Just as the automobile, the tractor or the factory would all come to a grinding halt if any one of the large pieces broke or fell out of place, the same is true of the small pieces. Without the smallest gear rotating in place, without the small bolt holding something together, without the little engine belt, everything comes crashing down. We all know this to be case. This is reality. It happens to us, to our cars or trucks. It happens at work, to our computers or to the machinery. The same is true for those with big callings and small callings in the Christian faith.
The apostle Paul reiterates this.
“For indeed the body is not one part but many. If the foot says, “I’m not a hand, so I’m not part of the body,” that doesn’t make it stop being part of the body. And if the ear says, “I’m not an eye, so I’m not part of the body,” that doesn’t make it stop being part of the body. If the whole body were an eye, how could it hear? If it were all hearing, how could it smell?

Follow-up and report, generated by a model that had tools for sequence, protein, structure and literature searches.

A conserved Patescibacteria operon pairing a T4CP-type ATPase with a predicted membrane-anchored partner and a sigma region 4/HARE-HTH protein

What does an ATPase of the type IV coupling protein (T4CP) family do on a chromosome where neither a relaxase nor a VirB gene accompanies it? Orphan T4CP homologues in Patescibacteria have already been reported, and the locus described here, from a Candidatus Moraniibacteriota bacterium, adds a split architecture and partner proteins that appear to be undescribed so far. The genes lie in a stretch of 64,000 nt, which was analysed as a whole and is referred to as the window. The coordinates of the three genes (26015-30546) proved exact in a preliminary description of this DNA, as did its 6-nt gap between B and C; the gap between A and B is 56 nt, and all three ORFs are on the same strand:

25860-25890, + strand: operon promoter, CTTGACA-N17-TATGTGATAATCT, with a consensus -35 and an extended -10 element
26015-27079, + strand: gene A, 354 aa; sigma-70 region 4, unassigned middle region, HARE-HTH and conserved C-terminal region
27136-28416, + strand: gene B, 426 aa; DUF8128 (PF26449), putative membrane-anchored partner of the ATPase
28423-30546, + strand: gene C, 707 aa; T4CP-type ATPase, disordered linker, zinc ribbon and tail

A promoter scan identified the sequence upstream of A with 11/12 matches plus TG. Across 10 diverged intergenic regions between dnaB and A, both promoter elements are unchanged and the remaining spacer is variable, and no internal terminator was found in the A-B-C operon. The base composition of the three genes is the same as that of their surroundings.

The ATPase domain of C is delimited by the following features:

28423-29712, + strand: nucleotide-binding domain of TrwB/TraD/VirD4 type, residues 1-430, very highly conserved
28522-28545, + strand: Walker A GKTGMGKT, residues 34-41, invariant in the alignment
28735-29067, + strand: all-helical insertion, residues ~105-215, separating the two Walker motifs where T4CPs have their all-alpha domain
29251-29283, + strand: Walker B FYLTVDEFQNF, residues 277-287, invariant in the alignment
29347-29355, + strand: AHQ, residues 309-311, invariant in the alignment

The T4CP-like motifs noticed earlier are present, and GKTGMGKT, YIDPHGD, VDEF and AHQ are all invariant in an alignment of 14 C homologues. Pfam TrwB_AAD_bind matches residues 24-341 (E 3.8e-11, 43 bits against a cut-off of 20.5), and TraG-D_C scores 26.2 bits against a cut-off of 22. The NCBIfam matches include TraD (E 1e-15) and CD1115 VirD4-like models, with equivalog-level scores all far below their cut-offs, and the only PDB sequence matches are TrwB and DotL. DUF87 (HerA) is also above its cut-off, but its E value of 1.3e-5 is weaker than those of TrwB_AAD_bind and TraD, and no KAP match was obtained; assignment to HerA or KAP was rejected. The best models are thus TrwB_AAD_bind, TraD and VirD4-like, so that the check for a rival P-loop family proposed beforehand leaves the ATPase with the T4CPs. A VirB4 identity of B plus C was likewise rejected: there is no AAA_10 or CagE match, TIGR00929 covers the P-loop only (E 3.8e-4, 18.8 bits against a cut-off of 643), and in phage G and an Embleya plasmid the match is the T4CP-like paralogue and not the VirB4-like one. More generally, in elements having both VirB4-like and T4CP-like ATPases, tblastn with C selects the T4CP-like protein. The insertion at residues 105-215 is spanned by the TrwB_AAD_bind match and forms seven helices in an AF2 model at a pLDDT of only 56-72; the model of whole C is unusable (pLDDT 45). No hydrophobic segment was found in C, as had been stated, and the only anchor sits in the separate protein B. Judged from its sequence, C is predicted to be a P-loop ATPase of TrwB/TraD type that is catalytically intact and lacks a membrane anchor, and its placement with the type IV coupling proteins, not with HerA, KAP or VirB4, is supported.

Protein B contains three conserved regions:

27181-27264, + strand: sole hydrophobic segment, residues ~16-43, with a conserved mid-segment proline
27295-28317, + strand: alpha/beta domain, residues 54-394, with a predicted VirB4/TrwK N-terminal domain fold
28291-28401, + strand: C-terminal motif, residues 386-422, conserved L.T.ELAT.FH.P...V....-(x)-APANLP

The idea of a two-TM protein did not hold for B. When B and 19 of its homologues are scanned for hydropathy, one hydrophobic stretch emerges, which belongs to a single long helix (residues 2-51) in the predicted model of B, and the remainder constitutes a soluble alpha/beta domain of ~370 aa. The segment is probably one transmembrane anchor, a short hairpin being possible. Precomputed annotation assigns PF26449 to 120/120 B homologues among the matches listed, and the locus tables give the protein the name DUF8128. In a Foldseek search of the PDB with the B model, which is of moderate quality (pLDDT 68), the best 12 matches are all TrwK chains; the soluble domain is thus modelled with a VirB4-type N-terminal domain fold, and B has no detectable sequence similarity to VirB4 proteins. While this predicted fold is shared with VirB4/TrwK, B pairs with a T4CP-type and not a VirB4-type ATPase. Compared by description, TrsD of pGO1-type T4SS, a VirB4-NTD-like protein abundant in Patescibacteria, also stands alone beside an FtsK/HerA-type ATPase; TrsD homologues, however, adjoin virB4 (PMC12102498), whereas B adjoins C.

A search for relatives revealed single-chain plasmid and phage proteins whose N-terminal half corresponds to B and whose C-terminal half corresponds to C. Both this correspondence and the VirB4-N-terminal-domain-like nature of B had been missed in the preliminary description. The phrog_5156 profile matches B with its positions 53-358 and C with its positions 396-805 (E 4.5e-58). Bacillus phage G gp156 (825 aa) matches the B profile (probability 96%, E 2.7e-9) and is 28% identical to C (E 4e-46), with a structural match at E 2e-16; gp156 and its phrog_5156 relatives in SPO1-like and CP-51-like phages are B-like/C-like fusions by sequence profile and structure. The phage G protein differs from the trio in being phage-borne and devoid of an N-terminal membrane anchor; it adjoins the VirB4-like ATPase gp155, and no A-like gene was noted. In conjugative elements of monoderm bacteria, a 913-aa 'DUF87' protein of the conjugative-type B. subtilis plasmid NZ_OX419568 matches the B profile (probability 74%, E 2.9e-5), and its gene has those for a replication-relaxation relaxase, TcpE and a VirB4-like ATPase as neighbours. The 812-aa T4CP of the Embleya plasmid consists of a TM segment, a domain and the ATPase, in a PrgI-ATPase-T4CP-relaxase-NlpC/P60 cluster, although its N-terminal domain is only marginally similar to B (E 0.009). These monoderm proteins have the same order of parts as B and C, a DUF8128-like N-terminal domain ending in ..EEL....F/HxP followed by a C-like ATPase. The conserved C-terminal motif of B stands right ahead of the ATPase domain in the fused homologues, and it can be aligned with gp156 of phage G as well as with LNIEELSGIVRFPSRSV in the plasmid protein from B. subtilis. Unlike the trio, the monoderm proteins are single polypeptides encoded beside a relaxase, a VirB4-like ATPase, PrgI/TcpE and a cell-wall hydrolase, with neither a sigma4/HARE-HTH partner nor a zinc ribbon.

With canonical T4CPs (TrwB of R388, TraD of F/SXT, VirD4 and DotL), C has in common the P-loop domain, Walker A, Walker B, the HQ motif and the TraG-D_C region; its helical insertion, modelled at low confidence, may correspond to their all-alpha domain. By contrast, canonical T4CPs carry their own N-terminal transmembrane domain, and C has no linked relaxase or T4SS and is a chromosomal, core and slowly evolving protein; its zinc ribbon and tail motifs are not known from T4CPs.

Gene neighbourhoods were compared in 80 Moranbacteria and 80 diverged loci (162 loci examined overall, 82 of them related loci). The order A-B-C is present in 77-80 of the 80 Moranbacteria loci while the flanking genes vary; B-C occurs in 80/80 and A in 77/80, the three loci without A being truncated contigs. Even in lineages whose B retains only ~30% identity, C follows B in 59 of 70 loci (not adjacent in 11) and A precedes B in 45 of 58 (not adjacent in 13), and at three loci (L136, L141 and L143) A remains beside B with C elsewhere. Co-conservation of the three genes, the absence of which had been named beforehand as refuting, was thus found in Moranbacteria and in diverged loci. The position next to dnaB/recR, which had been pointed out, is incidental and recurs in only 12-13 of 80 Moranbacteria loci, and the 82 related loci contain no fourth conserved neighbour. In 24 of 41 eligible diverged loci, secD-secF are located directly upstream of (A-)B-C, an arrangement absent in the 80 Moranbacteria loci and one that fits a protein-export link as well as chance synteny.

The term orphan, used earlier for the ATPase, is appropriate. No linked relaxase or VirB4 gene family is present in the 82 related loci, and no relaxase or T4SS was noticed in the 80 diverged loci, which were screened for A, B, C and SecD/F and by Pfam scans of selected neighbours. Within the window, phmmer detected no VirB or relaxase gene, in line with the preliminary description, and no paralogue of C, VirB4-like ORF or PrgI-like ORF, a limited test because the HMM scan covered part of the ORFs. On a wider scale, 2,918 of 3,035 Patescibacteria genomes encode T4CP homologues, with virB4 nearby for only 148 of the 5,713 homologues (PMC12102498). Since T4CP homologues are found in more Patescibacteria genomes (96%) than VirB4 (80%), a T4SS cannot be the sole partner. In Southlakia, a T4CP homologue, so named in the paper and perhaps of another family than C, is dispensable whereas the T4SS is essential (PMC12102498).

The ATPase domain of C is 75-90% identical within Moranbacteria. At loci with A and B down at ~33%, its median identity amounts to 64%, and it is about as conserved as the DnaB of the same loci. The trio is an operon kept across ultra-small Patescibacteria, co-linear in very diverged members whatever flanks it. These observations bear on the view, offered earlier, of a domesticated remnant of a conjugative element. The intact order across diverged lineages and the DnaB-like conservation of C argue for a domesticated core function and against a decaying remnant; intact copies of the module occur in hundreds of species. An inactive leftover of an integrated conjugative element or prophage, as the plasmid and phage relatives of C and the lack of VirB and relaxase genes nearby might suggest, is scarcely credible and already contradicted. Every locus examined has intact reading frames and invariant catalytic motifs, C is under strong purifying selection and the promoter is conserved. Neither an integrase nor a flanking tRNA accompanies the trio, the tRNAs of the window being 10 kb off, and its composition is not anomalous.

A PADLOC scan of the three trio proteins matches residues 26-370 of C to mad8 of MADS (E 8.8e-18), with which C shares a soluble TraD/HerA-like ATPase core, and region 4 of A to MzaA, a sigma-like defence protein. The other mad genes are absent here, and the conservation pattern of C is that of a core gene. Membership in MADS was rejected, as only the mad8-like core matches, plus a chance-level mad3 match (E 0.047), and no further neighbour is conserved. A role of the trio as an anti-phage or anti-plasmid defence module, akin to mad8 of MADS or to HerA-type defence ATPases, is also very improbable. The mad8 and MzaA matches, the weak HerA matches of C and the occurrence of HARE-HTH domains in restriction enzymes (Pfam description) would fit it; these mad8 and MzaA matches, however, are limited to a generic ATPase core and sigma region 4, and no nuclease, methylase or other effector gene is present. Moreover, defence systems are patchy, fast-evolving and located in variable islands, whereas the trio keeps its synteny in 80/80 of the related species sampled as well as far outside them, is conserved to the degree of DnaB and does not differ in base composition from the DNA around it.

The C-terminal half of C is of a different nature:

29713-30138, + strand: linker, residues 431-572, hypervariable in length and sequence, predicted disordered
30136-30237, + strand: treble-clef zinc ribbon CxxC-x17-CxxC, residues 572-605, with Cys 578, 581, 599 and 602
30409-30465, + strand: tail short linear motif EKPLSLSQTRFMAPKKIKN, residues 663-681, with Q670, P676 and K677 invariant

But as it is, God arranged each of the parts in the body exactly as he wanted them. Now if they were all just one part, where would the body be? But as it is, there are indeed many parts, yet just one body.
So the eye cannot say to the hand, “I don’t need you”; or the head to the feet, “I don’t need you.” On the contrary, the parts of the body that seem to be less important turn out to be all the more necessary; and upon body parts which we consider less dignified we bestow greater dignity; and the parts that aren’t attractive are the ones we make as attractive as we can, while our attractive parts have no need for such treatment.
Indeed, God has put the body together in such a way that he gives greater dignity to the parts that lack it, So that there will be no disagreements within the body, but rather all the parts will be equally concerned for all the others.